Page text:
Sunday, July 21, 2019
Prevent cancer one plate at a time
But in this crazy world we are exposed to lots of chemical toxins which are poisons and the poisons keep our immune systems VERY busy so it is more and more likely that the cancer cells will escape notice and be able to grow.
So one way to help reduce the chances of cancer growth is to eat clean food - organic food, pasture raised meats (beef, chicken, turkey and pork that haven't been fed pesticide laden grains or genetically modified grains)and wild caught or sustainably raised fish - and to avoid inflammatory foods.
I went to the Farmer's Market yesterday and got hydroponic lettuce, organic tomatoes and cucumbers, figs (not shown here because I ate them before dinner!) and various other vegetables (like asparagus and okra).
When I got home there was a Williams-Sonoma catalog in the mailbox with all kinds of cool cooking utensils and grilling paraphernalia and I got the idea for this post because HOW you cook your food and WHAT pans you use can also impact how healthy the food will be for you.
The bad news is that the char you love from grilling food is carcinogenic.There are dangerous chemicals in the smoke from smoking and grilling and it gets into the food and can cause cancer (has been shown to cause cancer in lab animals!). One study out of China has shown that when you are exposed to barbecue fumes you actually absorb more of the harmful chemicals through your skin than through inhalation.
So you can do a few things to reduce your exposure to the harmful chemicals - use leaner cuts of meat (fat dripping onto the grill and releasing smoke increases the production of the carcinogens) - and marinate the meat to break down some of the proteins (the amino acids and creatine when heated to high temperatures can produce harmful chemicals). Take the skin off of poultry to prevent fat drippings from creating carcinogens. Trim the char off of the meat and don't eat it!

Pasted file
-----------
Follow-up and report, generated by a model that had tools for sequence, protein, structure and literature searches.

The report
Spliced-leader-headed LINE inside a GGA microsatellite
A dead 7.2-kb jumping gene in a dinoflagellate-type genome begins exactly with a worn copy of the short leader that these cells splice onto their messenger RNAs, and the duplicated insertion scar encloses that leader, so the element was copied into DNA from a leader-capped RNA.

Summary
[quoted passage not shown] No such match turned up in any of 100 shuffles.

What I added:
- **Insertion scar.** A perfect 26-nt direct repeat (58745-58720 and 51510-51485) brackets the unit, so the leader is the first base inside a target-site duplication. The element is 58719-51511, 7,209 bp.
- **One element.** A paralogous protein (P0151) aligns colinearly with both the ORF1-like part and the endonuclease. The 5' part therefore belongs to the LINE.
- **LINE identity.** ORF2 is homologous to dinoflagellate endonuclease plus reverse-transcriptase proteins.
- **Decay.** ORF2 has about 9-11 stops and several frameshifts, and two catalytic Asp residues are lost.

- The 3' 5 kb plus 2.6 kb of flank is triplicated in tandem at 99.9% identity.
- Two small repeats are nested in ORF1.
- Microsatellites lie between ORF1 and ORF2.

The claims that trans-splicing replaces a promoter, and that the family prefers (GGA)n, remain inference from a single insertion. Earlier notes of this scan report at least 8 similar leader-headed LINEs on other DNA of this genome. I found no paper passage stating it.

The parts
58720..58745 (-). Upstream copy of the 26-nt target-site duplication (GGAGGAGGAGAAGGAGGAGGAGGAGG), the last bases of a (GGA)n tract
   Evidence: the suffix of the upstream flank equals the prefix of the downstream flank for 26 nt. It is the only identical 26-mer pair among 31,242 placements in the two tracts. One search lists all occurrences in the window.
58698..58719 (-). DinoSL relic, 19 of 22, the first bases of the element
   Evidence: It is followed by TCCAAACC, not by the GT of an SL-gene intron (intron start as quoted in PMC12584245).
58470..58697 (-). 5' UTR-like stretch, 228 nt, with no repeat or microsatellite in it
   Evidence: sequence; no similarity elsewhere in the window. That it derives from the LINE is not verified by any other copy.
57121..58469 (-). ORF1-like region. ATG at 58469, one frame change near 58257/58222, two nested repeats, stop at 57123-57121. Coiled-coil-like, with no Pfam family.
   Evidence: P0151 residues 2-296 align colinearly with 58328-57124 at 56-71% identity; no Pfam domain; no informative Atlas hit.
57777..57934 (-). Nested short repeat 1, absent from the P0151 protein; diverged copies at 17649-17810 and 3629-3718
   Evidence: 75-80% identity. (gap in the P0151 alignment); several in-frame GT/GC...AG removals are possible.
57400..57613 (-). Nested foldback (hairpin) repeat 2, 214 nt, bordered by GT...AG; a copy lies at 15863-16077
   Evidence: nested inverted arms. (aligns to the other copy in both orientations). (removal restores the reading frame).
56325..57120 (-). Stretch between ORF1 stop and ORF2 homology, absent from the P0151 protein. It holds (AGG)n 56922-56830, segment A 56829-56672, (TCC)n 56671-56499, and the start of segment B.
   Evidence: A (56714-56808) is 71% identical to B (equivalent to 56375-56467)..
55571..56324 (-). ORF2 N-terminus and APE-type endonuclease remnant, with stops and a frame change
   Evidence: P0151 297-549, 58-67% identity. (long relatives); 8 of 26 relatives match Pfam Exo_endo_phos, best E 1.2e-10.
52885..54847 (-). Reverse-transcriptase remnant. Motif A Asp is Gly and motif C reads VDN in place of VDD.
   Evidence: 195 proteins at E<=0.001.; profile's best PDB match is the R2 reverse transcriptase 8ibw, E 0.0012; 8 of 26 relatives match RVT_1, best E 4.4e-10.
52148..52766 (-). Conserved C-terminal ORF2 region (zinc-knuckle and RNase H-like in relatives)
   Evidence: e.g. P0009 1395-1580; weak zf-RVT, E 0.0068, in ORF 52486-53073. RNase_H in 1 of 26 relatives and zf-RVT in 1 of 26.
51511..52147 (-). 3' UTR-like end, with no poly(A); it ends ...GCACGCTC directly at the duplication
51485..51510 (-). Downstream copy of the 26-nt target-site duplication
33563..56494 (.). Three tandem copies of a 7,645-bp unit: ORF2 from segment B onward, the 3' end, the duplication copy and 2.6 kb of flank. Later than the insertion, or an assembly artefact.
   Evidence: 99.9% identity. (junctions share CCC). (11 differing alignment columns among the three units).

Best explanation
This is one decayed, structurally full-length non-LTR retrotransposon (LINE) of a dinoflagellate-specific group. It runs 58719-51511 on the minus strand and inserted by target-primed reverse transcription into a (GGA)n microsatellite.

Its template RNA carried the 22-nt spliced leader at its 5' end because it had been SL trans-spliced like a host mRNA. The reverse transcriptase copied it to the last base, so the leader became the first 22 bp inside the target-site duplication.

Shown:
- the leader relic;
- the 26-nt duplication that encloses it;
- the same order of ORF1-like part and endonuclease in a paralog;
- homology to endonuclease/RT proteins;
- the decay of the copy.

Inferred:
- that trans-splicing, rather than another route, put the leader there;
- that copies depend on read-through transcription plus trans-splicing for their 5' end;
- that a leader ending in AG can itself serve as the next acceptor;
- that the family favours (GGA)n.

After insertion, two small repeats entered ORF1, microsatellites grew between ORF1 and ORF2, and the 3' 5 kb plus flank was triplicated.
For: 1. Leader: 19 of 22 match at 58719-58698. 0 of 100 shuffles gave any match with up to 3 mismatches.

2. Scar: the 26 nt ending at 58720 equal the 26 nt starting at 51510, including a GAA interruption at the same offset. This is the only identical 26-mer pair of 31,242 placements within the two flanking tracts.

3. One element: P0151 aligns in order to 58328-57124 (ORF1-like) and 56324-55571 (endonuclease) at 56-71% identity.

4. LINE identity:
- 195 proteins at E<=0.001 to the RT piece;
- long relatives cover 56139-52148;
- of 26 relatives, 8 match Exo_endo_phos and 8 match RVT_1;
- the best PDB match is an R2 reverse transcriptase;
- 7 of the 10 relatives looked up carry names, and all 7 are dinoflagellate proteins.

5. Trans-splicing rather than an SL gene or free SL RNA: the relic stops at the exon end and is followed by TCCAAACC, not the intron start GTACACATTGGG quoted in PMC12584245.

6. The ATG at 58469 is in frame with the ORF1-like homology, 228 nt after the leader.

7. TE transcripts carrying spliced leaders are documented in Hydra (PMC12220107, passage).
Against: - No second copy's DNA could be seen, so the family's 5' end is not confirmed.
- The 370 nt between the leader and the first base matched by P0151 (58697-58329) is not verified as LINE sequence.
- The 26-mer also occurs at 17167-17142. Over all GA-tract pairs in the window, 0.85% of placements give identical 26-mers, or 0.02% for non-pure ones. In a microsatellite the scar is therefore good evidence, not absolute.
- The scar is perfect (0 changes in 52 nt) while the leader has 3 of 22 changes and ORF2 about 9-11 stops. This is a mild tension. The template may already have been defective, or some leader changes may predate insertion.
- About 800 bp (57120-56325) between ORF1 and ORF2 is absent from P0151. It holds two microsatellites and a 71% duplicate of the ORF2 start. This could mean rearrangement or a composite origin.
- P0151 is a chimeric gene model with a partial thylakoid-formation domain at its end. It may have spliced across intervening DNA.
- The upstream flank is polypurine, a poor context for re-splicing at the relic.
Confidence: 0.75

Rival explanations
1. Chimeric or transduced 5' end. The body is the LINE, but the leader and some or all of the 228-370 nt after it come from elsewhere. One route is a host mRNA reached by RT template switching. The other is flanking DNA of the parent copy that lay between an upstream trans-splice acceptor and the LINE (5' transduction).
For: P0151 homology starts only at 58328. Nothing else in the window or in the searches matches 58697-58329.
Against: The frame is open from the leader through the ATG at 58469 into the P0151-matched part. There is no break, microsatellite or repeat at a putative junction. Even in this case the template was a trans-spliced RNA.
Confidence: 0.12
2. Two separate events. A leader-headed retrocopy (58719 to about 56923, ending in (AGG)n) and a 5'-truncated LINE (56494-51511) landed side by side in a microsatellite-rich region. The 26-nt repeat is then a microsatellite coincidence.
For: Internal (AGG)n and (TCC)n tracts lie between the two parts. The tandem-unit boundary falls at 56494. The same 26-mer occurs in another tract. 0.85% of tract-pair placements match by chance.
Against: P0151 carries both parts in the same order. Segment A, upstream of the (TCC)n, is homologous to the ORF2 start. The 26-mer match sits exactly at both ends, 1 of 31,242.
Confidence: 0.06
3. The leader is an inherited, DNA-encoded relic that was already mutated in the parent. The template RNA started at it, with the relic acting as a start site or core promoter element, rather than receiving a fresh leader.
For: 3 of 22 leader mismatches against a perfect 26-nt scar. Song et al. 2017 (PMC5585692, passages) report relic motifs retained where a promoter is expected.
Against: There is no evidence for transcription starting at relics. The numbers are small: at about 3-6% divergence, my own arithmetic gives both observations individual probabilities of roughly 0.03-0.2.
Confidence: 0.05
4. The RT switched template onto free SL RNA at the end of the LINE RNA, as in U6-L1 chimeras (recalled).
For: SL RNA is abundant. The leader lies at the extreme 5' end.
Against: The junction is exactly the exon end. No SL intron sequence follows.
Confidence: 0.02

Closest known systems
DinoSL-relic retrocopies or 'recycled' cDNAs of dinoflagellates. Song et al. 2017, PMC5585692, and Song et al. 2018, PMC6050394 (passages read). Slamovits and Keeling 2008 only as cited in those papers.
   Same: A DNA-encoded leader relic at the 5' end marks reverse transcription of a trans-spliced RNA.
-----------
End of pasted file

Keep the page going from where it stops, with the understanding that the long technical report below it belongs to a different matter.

Also you can wrap meats, fish, fruits and vegetables in aluminum foil (not as exciting, I know!) to put on the grill and prevent some flame/smoke exposure. You can cook at a lower temperature for a longer period of time to reduce production of harmful chemicals.
So my plate above doesn't have any grilled items but I did caramelize the onions which increases the amount of Advanced Glycation End-products (called AGEs) which increase oxidative stress and accelerate aging and can contain harmful chemicals.
What will protect me from these AGEs?
Well the rest of the plate - hydroponic Bibb lettuce, organic cukes and tomatoes, the roasted okra that you can't see because I ate it all while preparing the liver - Grass-fed beef liver - natch.
Yep - that's pan fried liver with caramelized onions in the middle of the salad. I used a cast iron skillet and coconut oil. I soaked the liver in hemp milk (lots of omega 3s which are anti-inflammatory) and dredged it in sprouted gluten free baking mix with a little bit of coconut flour added for flavor and a lot of seasoning (paprika, ground chipotle pepper, garlic granules, and onion powder).
The dressing was olive oil and white balsamic vinegar with Himalayan salt and ground pepper.
When cooking inside, be aware that not all pans are created equal. Pans with Teflon or other non-stick coatings contain chemicals (PFOAs and PTFEs) that have been shown to cause cancer (which is why Teflon removed PFOAs from their pans in 2013). These chemicals have been shown to increase infertility, cause hormonal changes, decrease immune system function, increase cancer risk, increase cholesterol and cause growth and learning delays in young children.
Safer choices are stainless steel and cast iron and enamel coated cast iron. Read more about cookware safety here.
So eat more fresh, organic food this summer while it is available. Colorful foods contain antioxidants which protect you from cancer. And please (please please please) avoid processed and 'fast food'.